January 25, 2017
Junk bond status and a no-growth economy notwithstanding, Prime Minister Perry Christie has declared that Bahamians have "every indication before them that we are on the path to recovery as a country".
Seeking to present evidence to support his claim, Christie pointed to 32,000 jobs created this term, and urged PLPs to "let the statistics put out by the statistics department speak for us".
While PLPs who attended their party's prayer breakfast on Sunday enthusiastically applauded Christie's statement, and while an uncontexualized look at the statistics shows 32,000 more people listed as employed in October 2016 compared
to May 2012, the prime minister's boast left many others wondering what Bahamas the prime minister is talking about.
The last survey released by the Department of Statistics in December, attributed a decline in the unemployment rate -- from 12.7 percent in May to 11.6 percent in October -- partly to temporary construction jobs created as a result of Hurricane Matthew.
When asked if the construction jobs spurred to address the damage caused by the storm masked the displacement of workers and businesses following the storm and perhaps skewed the actual unemployment situation, Department of Statistics Acting Director Leona Wilson told us, "That's a very good question, but it's difficult for me to say because we did not do that level of investigation in the survey."
When they reported that unemployment was down from 14.8 percent to 12.7 percent nationally last May, the statisticians said this was partly attributed to hiring associated with Bahamas Junkanoo Carnival.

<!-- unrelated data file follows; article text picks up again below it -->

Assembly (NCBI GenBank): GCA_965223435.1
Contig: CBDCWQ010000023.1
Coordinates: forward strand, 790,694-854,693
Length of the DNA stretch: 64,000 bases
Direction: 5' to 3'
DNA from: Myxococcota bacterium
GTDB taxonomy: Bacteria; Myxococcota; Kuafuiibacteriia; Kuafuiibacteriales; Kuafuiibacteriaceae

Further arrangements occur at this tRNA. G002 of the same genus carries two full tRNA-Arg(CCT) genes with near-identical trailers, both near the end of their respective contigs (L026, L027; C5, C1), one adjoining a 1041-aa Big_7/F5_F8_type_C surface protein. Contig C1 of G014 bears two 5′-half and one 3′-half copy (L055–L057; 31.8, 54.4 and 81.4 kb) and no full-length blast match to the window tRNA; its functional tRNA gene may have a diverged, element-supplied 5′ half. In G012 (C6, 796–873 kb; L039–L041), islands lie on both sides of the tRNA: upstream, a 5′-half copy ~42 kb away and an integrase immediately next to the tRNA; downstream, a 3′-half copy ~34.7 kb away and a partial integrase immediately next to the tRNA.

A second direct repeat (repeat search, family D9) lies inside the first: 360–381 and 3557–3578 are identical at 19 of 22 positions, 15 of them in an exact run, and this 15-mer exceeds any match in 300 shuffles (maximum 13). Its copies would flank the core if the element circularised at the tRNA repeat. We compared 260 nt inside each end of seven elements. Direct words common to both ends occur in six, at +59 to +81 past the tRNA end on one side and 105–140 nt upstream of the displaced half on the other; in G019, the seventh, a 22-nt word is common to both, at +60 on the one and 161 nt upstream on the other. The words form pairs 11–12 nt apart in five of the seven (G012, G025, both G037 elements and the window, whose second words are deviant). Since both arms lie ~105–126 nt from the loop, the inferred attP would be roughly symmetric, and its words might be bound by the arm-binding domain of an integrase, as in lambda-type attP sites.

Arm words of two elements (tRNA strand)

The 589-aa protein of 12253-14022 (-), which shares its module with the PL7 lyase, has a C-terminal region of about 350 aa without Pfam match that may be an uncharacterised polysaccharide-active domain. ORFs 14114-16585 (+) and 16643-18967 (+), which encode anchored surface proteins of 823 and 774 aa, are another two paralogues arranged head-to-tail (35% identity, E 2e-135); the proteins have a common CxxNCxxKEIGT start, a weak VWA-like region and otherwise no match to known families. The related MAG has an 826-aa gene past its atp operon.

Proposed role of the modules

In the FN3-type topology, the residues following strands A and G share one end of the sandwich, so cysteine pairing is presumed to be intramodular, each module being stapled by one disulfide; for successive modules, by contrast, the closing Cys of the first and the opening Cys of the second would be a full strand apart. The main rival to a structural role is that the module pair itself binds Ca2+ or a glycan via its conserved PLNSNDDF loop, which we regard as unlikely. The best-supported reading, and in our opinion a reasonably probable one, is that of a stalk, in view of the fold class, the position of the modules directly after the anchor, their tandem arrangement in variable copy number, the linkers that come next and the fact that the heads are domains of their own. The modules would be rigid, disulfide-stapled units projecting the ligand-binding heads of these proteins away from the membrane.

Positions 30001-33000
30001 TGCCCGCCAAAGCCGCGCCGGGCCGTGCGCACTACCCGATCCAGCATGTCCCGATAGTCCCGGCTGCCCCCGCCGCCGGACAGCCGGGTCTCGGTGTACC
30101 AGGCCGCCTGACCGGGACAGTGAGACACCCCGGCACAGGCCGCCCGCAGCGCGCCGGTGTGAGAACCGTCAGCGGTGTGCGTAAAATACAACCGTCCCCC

At that time, they also acknowledged that the event, which provides temporary jobs, may not be a true reflection of unemployment trends when compared to November 2015, and said they would consider changing the date of the survey in the future.
In 2015, the inaugural carnival event was also listed as a key factor in driving down unemployment from 15.7 percent to 12 percent nationally through the creation of temporary jobs.
But the loss of around 2,000 jobs at Baha Mar not long after helped push the unemployment rate up to 14.8 percent.
That Baha Mar has started hiring again is good news for The Bahamas.
Christie, no doubt, will quote the 32,000 jobs figure liberally on the campaign trail.
However, he will not point out that the jobless situation was repeatedly improved as a result of temporary jobs -- which are nothing to celebrate.
Temporary jobs are called temporary jobs for a reason. They do not last beyond a few weeks, even if they somehow end up as a part of the grand tally that becomes the politicians' talking point.
Ask any MP -- PLP or FNM -- or any candidate for that matter what the primary concern is they are hearing on the ground and they would tell you it is the poor state of the economy and the grave difficulty in finding employment.
One candidate for a constituency in the southwestern corridor of New Providence told us just this week that the top three concerns he hears when he speaks to constituents are jobs, jobs and jobs.
The survey taken in May 2012, listed 28,125 people as unemployed.
The last unemployment survey -- the one released in December 2016 -- listed the number of unemployed people at 25,365.
There is little for Christie to pat himself on the back for as it relates to the state of the national economy and the jobless situation.
Last December, the world's largest credit ratings agency, Standard & Poor's, downgraded The Bahamas' sovereign credit rating to sub investment grade level, in a grim economic report on the country's fiscal health and future.